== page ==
Innovation Types: Configurations of Attributes as a Basis for Innovation Classification
Advanced Institute of Management Research Paper No. 046
69 Pages Posted: 1 Dec 2008
Date Written: August 1, 2006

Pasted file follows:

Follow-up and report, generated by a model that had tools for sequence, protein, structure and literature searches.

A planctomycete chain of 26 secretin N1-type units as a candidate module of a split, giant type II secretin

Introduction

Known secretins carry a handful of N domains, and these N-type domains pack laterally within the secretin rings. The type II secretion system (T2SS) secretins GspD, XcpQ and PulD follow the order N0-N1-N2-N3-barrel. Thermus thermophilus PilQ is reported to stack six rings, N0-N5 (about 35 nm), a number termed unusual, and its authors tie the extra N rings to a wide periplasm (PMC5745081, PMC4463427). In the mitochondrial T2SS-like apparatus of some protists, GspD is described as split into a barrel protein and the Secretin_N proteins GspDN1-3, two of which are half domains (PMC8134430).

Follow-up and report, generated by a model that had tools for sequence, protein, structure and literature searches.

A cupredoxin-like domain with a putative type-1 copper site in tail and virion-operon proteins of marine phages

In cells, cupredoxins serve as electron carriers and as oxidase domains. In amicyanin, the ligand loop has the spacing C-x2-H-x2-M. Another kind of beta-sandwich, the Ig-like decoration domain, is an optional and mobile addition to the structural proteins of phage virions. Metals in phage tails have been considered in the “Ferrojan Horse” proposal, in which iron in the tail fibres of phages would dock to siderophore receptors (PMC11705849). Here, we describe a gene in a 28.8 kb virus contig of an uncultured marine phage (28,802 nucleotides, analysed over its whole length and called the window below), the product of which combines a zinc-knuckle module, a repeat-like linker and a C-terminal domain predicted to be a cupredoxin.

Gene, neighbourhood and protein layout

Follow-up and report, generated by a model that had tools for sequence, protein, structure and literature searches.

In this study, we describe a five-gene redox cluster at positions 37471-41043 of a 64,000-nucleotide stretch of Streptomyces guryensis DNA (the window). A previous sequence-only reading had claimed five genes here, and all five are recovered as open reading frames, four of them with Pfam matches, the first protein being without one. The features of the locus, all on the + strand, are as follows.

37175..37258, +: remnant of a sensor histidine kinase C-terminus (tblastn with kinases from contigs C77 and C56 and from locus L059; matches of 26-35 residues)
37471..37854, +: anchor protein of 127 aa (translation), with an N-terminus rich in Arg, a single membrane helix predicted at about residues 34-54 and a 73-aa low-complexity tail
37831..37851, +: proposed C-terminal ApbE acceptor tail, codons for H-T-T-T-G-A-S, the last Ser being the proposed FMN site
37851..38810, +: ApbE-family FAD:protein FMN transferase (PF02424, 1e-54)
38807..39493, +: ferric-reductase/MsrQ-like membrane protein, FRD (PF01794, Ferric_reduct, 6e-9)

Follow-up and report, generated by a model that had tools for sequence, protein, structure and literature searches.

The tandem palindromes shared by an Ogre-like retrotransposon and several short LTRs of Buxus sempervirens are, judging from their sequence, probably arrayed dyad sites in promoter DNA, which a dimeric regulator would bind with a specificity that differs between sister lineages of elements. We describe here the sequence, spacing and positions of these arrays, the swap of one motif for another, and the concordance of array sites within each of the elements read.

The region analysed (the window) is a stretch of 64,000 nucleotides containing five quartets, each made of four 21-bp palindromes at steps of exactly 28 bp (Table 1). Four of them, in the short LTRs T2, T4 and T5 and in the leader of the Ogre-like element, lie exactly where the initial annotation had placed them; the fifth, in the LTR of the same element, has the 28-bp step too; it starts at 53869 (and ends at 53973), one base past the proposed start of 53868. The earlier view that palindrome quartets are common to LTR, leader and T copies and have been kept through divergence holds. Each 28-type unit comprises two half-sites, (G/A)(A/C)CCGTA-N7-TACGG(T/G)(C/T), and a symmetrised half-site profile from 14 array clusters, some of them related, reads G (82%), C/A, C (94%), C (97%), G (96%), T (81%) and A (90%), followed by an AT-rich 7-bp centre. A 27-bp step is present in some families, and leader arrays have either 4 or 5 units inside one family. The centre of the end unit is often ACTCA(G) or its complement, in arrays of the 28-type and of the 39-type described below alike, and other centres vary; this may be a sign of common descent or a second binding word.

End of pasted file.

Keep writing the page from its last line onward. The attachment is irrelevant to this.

In spite of the continued importance of an innovation's attributes to research methodologies, and the increasing tendency toward multidimensional conceptualizations, the lack of a theoretically derived and empirically developed classification of innovations, conceived in terms of these perceived characteristics, continues to deter substantive research in the area. Innovations are frequently under-dimensionalized, with little consistency in the labeling or definition of their dimensions. The absence of a stable descriptive framework has constrained researchers' facility to develop cross-case and cumulative research. In this paper, in which innovations are conceptualized as complex and multi-dimensional, we report on a mixed-method, exploratory study addressing the question of innovation classification. Data from a rigorous thematic investigation of the literature, and four case studies, are synthesized into a descriptive framework incorporating 13 variables (innovation attributes). Following operationalization of the framework as a 56-item survey instrument, we conduct a cluster analysis of the returns from a post-adoption survey of 310 innovations. Three distinct innovation types are identified: readily-adopted, challenging and under-cover. The attributes' disruption, observability, profile and risk were found to be particularly important in distinguishing clusters that offer opportunities for new theoretical development. The UK National Health Service (NHS) forms the context for the study. Implications for theory and practice are examined.
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